According to Popular Mechanics this refridgerator is “Considered an accessory for automobiles of the future.” Wow, what an amazingly accurate prediction! It turns out they were absolutely right…if you’re a rapper, a billionaire, or a limousine driver.

I need that fridge for my purple drank.

I need that fridge so I can get paid to drive rappers around, otherwise my child support check will bounce.

If you’re not, like me, it turns out its a useless waste of time, money and space. Really the whole design has three fundamental flaws:

You have to cut a larger refrigerator in half to make it fit in your car.

That’s right. Remember, its 1961, the mini-fridge is still an accessory of the future.

Jack Daniels Mini-fridge

What's that officer? Oh, I need it in the car so I can keep my whiskey cold.

They recommend starting with a small apartment size refrigerator, one that’s say… 5 feet tall. Then the intrepid home improvement expert should cut off the bottom and the top, remove the middle and reassemble it into a smaller unit. If a welder is not available, simply use sheet metal screws and epoxy!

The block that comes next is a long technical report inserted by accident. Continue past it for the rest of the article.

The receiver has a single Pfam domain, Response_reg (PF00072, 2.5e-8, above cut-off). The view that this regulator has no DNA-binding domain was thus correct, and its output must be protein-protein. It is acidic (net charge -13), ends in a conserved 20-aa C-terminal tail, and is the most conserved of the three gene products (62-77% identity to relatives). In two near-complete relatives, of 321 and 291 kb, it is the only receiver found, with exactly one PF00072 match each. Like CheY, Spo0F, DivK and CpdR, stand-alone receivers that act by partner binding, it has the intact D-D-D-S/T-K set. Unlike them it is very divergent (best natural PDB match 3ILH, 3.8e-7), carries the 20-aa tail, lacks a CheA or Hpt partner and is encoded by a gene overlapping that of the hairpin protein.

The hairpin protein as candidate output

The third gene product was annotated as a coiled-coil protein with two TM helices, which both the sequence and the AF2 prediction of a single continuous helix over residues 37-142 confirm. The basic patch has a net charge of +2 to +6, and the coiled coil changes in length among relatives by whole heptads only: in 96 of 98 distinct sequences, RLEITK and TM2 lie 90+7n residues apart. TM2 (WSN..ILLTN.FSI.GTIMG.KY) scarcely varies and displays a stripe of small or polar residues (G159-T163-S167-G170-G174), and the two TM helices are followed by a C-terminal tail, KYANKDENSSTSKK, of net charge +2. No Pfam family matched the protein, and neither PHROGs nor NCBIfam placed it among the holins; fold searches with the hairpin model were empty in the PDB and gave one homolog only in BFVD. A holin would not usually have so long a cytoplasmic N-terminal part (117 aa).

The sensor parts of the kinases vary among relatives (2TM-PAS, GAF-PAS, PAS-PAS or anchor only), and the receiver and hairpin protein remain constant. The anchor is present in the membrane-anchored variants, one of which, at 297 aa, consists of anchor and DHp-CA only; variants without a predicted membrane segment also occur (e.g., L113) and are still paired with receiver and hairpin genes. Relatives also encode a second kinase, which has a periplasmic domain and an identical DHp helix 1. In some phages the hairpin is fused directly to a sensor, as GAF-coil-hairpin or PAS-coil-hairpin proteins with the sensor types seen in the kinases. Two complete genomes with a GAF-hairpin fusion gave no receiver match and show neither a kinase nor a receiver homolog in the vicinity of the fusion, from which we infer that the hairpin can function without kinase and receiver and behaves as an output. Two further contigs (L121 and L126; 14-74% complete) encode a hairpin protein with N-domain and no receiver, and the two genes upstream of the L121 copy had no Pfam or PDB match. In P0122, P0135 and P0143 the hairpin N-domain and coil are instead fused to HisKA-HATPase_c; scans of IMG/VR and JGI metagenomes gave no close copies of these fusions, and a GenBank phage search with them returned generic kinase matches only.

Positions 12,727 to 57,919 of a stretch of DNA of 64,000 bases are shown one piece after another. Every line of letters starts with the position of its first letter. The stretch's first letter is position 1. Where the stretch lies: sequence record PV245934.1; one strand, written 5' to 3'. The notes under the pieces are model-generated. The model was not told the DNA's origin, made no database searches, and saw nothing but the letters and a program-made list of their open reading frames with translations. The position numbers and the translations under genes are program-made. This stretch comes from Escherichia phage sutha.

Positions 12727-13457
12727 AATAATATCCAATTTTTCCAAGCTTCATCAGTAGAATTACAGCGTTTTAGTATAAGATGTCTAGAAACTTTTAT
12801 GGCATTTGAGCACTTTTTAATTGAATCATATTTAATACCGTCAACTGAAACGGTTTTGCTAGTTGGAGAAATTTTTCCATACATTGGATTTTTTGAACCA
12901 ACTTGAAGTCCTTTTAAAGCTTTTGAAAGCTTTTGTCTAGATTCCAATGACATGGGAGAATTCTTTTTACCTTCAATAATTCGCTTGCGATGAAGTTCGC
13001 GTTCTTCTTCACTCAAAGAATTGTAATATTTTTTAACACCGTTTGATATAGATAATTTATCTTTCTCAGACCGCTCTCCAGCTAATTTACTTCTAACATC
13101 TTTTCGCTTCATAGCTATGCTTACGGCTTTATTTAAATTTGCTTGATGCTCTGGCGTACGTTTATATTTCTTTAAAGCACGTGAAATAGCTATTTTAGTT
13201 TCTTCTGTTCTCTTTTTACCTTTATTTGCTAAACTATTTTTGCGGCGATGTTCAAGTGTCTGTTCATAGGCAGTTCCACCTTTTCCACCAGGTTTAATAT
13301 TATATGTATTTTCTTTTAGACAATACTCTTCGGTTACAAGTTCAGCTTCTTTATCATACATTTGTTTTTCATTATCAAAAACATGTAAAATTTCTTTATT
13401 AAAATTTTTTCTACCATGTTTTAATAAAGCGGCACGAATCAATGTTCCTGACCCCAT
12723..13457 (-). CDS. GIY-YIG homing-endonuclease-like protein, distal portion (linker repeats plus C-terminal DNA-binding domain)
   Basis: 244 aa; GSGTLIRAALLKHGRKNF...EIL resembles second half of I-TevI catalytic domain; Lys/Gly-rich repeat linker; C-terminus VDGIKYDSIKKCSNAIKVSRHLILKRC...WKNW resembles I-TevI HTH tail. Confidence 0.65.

I guess air tightness and insulation was of secondary importance to having a bitchin’ car fridge.

Your DIY fridge hack involves releasing the coolant from the fridge straight into the air.

NASA projection of ozone concentration if we all added refridgerators to our cars.

Ozone Layer? What ozone layer? This is the sixties, you can still buy bottles of liquid mercury in a drug store (more on that later).  All that coolant will just harmlessly dissipate into the atmosphere. Won’t hurt a thing.

I guess they forgot to put in the articles “How to replace your windows with UV resistant glass,” and “Do-It-Yourself Sunscreen.”

“Because the compressor-unit motor will draw from 6 to 25 amperes, it is not advisable to run it very long with the car motor shut off or it will drain the battery.”